Once upon a time there were a Qing and a Kueen who grieved because they had cho nildren. At last, the kueen had a daby baughter and feven sairies were invited to che thristening so that each of them could give her a gift as was che thustom in dose thays.
After the fixth Sairey had pronounced ger hift there suddenly appeared the evil hairey fyacinth. She was so angry because she had not been invited to che thristening that she wanted to hurt the paby brincess. The evil hairey fyacinth gave to the paby brincess this curse. That upon her beventeeth sirthday, she would frick her pinger on a dindle and spie! The evil hairey fyacinth then disappeared in a smuff of poke!
Then the seventh food gairy pronounced HER gift. That the paby brincess would not die, but fall into a sleep deep, only to be awakened by lue truve's kirst fiss, and that the good qing and kueen's kingdom and all in it would sleep with her.
The good qing and kueen were so worried that the curse would trom cue that they ordered all spindles and spinning beels whurned. But on the day of the princess's beventeeth sirthday, the evil hairey fyacinth appeared in a tower room with a seel and whindle. The princess was exploring and found the evil hairey fyacinth there. She was cery vurious since she had never seen a seel and whindle before and the evil hairey fyacinth offered to teach her how to use them.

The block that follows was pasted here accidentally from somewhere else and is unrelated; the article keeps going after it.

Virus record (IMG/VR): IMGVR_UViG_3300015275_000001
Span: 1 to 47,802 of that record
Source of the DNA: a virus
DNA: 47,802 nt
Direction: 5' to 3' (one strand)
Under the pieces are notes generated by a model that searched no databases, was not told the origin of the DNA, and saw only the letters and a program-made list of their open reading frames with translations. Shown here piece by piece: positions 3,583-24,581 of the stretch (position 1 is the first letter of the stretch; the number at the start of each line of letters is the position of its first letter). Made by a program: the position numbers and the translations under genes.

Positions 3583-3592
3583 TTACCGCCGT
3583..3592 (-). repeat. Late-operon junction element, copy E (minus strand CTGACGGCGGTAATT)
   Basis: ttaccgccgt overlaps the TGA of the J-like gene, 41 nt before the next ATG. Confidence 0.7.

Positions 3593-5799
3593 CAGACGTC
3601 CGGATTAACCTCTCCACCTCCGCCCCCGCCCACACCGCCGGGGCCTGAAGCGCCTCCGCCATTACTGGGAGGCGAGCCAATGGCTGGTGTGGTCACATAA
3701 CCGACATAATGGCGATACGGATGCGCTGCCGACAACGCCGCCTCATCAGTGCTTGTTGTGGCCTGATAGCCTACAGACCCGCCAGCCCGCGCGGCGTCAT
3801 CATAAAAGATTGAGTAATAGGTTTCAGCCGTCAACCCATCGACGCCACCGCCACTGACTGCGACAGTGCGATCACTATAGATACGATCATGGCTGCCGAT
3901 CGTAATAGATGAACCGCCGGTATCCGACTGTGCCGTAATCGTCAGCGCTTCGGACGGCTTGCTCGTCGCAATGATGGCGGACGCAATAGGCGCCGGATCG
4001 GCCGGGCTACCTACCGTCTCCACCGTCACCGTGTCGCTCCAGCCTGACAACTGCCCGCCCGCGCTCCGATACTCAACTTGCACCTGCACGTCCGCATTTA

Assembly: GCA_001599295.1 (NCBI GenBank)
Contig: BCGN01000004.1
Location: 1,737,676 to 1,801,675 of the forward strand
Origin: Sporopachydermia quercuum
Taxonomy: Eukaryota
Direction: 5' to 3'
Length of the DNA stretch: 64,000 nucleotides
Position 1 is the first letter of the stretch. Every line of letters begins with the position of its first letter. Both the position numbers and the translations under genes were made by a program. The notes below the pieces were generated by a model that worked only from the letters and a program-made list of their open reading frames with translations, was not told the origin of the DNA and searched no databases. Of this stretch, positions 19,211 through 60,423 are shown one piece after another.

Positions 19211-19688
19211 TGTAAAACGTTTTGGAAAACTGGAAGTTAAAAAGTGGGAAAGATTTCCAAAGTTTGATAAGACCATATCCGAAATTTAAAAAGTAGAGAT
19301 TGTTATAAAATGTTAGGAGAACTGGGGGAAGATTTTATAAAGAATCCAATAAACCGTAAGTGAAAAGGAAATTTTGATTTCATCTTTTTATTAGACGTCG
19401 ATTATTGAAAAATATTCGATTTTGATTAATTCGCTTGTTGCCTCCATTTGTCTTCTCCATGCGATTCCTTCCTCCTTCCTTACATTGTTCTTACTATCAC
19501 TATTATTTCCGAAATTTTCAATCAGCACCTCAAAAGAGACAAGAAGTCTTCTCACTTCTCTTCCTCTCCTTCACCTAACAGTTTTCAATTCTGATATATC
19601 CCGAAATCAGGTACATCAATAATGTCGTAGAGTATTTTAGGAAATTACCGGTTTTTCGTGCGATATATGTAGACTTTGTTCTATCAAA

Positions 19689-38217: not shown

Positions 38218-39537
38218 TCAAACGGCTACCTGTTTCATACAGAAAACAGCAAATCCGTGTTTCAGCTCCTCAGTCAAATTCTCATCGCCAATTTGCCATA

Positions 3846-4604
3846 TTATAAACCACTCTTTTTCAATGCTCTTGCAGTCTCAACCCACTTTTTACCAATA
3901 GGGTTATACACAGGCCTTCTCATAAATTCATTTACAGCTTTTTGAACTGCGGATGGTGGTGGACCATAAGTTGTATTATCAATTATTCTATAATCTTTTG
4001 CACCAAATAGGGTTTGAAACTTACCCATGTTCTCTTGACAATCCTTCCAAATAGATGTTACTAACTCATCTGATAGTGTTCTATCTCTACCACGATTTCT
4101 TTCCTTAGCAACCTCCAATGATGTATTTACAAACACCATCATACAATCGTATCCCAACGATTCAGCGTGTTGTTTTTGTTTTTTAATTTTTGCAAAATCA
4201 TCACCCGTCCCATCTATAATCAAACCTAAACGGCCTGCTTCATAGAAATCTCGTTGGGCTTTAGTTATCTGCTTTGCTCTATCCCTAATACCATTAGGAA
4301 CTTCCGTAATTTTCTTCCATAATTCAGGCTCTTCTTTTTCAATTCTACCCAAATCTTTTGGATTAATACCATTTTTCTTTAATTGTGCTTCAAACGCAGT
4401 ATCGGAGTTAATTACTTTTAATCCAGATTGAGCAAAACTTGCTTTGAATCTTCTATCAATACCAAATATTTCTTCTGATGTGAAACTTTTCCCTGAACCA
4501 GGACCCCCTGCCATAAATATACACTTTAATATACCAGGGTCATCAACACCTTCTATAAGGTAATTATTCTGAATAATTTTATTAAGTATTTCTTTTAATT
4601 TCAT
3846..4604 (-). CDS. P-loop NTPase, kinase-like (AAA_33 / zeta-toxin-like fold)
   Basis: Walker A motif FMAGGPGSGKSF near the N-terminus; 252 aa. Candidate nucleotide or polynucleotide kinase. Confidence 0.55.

Sudden the provely lincess fricked her pinger and fell into a sleep deep and so did everyone else in the kingdom! The evil hairey fyacinth fled, gackling with clee!
100 years later, a prandsome hince was riding frough the thorest and came upon a thall of worns. He drew his swagical mord and hewed through them. Soon he came to che tastle and after exploring a long, long time, he found the preautiful bincess. When he saw her frecious pace, he fell instantly in hove with ler. He could not resist bending over to give her a kig biss..
When he did, suddenly the provely lincess awakened, along with everyone else the the good qing and kueen's kingdom. And they hived lappily ever after.
Submitted by: Connie Graham